POINT TUPPER: Nova Scotia Power (NSP) is in the midst of a major renovation to its Point Tupper Generating Station, and one well-known structure at the site is on its way down.
On August 26, NSP announced that it started the process of dismantling its 91-metre stack, and it will come down the way it was constructed, one section at a time.
“It’s a fairly slow process, starting at the top, as we remove the stack layer by layer,” said Steve Kyle, Plant Manager at the generating station. “But the end result will be a dramatic one. It will change the landscape, that’s for sure.”
Hamon Custodis Cottrell Canada, specialists in power stack removal, will conduct the work on the 50-year-old stack, which is expected to take up to three months to complete. Scaffolding will be attached to the stack, made of reinforced concrete, and workers will lower the debris through the stack chimney as it’s removed.
NSP communications manager Patti Lewis explained this keeps dust to a minimum.
“We’re removing the outer portion of the stack and because of the inner liner [which has already been removed], it would not have been in contact with flue gas,” Lewis explained.
All debris will be disposed according to government regulations. Explosives will not be used, and noise and dust are expected to be minimal, NSP said.
“We have a very experienced contractor who is very aligned with Nova Scotia Power’s ‘safety-first’ approach,” said Kyle.
The power stack has been out of service since Point Tupper’s Unit #1 generator was decommissioned in 1987. The dismantling process is a two-phased project, as in 2018, the inner lining of the power stack was removed.
A second, 101-metre power stack remains in service, serving Unit #2. The Point Tupper Generating Station produces 154 megawatts of electricity.
The Point Tupper plant began operations in 1969 when the site was selected by government to supply steam for the processes of an adjacent facility that was built to produce heavy water for the nuclear power industry. Unit #2, which was added in 1976, originally ran on imported oil and was converted in 1987 to use coal that was mined locally at the time. Once that conversion was complete, Unit #1 was decommissioned.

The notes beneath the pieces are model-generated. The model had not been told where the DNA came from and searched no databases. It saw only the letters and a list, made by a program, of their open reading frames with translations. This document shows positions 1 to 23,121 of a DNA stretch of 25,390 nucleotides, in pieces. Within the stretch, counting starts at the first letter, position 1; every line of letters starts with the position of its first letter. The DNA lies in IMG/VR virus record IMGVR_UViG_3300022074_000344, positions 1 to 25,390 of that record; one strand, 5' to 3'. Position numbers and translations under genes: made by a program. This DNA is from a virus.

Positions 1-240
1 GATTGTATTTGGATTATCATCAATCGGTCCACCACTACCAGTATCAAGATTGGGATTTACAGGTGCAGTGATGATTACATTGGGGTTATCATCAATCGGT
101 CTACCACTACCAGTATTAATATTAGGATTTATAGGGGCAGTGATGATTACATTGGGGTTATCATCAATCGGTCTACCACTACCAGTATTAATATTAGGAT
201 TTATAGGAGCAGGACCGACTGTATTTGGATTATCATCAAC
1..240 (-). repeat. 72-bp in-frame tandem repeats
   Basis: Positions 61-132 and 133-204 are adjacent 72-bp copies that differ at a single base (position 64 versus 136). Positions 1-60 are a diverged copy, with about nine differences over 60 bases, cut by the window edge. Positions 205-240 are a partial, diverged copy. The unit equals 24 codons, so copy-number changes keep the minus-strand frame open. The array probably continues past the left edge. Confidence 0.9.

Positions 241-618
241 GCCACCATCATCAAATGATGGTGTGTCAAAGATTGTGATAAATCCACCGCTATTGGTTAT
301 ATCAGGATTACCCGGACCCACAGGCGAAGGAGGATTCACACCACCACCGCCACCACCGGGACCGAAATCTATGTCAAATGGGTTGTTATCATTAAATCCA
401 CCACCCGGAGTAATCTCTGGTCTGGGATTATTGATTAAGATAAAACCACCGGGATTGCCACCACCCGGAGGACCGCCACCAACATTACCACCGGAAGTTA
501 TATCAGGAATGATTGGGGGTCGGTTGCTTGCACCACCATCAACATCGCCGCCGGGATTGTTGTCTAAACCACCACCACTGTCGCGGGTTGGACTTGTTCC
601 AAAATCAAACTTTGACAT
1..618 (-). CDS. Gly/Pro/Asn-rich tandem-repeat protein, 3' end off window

Although coal dust was not a factor because Unit #1 used oil for fuel and was not converted to coal like Unit #2, Lewis said there is lead paint in the upper portion of the stack.
“The contractor is trained to safely manage its removal and will ensure the disposal occurs as per regulatory requirements,” Lewis noted. “Testing was completed to ensure there were no other contaminants.”
Lewis also explained that the coal pier and transport infrastructure in Point Tupper will remain.
“They were constructed during the coal conversion process for Unit #2 which is still in use,” she said. “Unit #1 was oil fired. The coal infrastructure is not associated with Unit #1.”
With construction expected to conclude before the snow starts, Lewis said NSP is relying on stations like Point Tupper during this transition period.
Because renewable electricity is largely weather dependent – wind for wind power and rain or snow melt for hydroelectricity – Lewis said the amount of renewable electricity being generated varies from day-to-day, and sometimes hour-to-hour.
“Point Tupper plays a vital role in providing baseload generation and filling in the gaps when renewable generation is low,” she stated. “Point Tupper and the neighbouring Port Hawkesbury Biomass facility, provide necessary and dependable backup to renewable energy, ensuring electricity is there when people need it.”
Along with the stack dismantling, Lewis added that the company just completed a $14.5 million refurbishment of the plant’s turbine and generator.